Ezra Klein writes in The New Yorker on the power, or lack thereof, of presidential speechmaking. An excerpt, where he's talking to Professor George Edwards about data-driven analysis of the ramifications of presidential speeches:
“Edwards ended his presentation with a study of his own, on Ronald Reagan, who is generally regarded as one of the Presidency’s great communicators. Edwards wrote, “If we cannot find evidence of the impact of the rhetoric of Ronald Reagan, then we have reason to reconsider the broad assumptions regarding the consequences of rhetoric.” As it turns out, there was reason to reconsider. Reagan succeeded in passing major provisions of his agenda, such as the 1981 tax cuts, but, Edwards wrote, “surveys of public opinion have found that support for regulatory programs and spending on health care, welfare, urban problems, education, environmental protection and aid to minorities”—all programs that the President opposed—“increased rather than decreased during Reagan’s tenure.” Meanwhile, “support for increased defense expenditures was decidedly lower at the end of his administration than at the beginning.” In other words, people were less persuaded by Reagan when he left office than they were when he took office. Nor was Reagan’s Presidency distinguished by an unusually strong personal connection with the electorate. A study by the Gallup organization, from 2004, found that, compared with all the Presidential job-approval ratings it had on record, Reagan’s was slightly below average, at fifty-three per cent. It was only after he left office that Americans came to see him as an unusually likable and effective leader.”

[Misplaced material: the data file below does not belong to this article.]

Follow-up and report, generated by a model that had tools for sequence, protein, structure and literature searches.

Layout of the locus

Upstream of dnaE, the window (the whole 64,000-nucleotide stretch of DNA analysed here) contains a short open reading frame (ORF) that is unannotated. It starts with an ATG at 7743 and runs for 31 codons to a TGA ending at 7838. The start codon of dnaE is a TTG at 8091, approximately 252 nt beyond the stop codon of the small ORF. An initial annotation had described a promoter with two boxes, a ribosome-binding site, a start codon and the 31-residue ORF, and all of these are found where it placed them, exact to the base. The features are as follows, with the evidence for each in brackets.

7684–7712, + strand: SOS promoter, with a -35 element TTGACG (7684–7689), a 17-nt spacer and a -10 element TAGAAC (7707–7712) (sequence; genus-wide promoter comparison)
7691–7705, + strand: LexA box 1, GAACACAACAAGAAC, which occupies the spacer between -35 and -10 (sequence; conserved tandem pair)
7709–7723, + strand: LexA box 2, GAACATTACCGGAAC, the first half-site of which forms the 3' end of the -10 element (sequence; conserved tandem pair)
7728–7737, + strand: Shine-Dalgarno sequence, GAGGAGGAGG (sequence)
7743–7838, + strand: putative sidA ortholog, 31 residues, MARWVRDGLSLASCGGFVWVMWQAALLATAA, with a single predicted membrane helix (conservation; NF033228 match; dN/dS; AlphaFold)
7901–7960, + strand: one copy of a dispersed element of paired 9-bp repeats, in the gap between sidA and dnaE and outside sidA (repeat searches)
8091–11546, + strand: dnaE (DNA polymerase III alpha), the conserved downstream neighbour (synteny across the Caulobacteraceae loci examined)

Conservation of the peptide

Interesting stuff. The general response I have is that presidential speeches are less effective at persuading today for a variety of reasons.
There are the reasons a White House can control, such as too many speeches (Obama), too many speechwriters (Clinton), and poor choices among them (W.)—particularly, hiring people more interested in advancing their own careers than in learning and adapting to the unique style and vocabulary of the president. Authenticity is key, and many speechwriters give in to the temptation to throw in a flourish that sounds beautiful but also off-key. As Henry Kissinger once wrote:
“The choice of speechwriters always determined the tone and not infrequently the substance of a Presidential speech. The common conception is that speechwriters are passive instruments who docilely craft into elegant prose the policy thought of their principals. On the contrary, the vast majority of them are frustrated principals themselves who seek to use their privileged position to put over their own ideas.”
In my brief days in the White House speechwriting office under President George W. Bush, this problem was very much in evidence. I'd argue that some of the moments when these speechwriters served Bush particularly poorly was when they shoehorned lines into speeches that sounded pretty but rang false coming from his mouth. Again: authenticity is key. You have to know the voice of the principal and not your own. This is the difference between being a good writer and being a good speechwriter.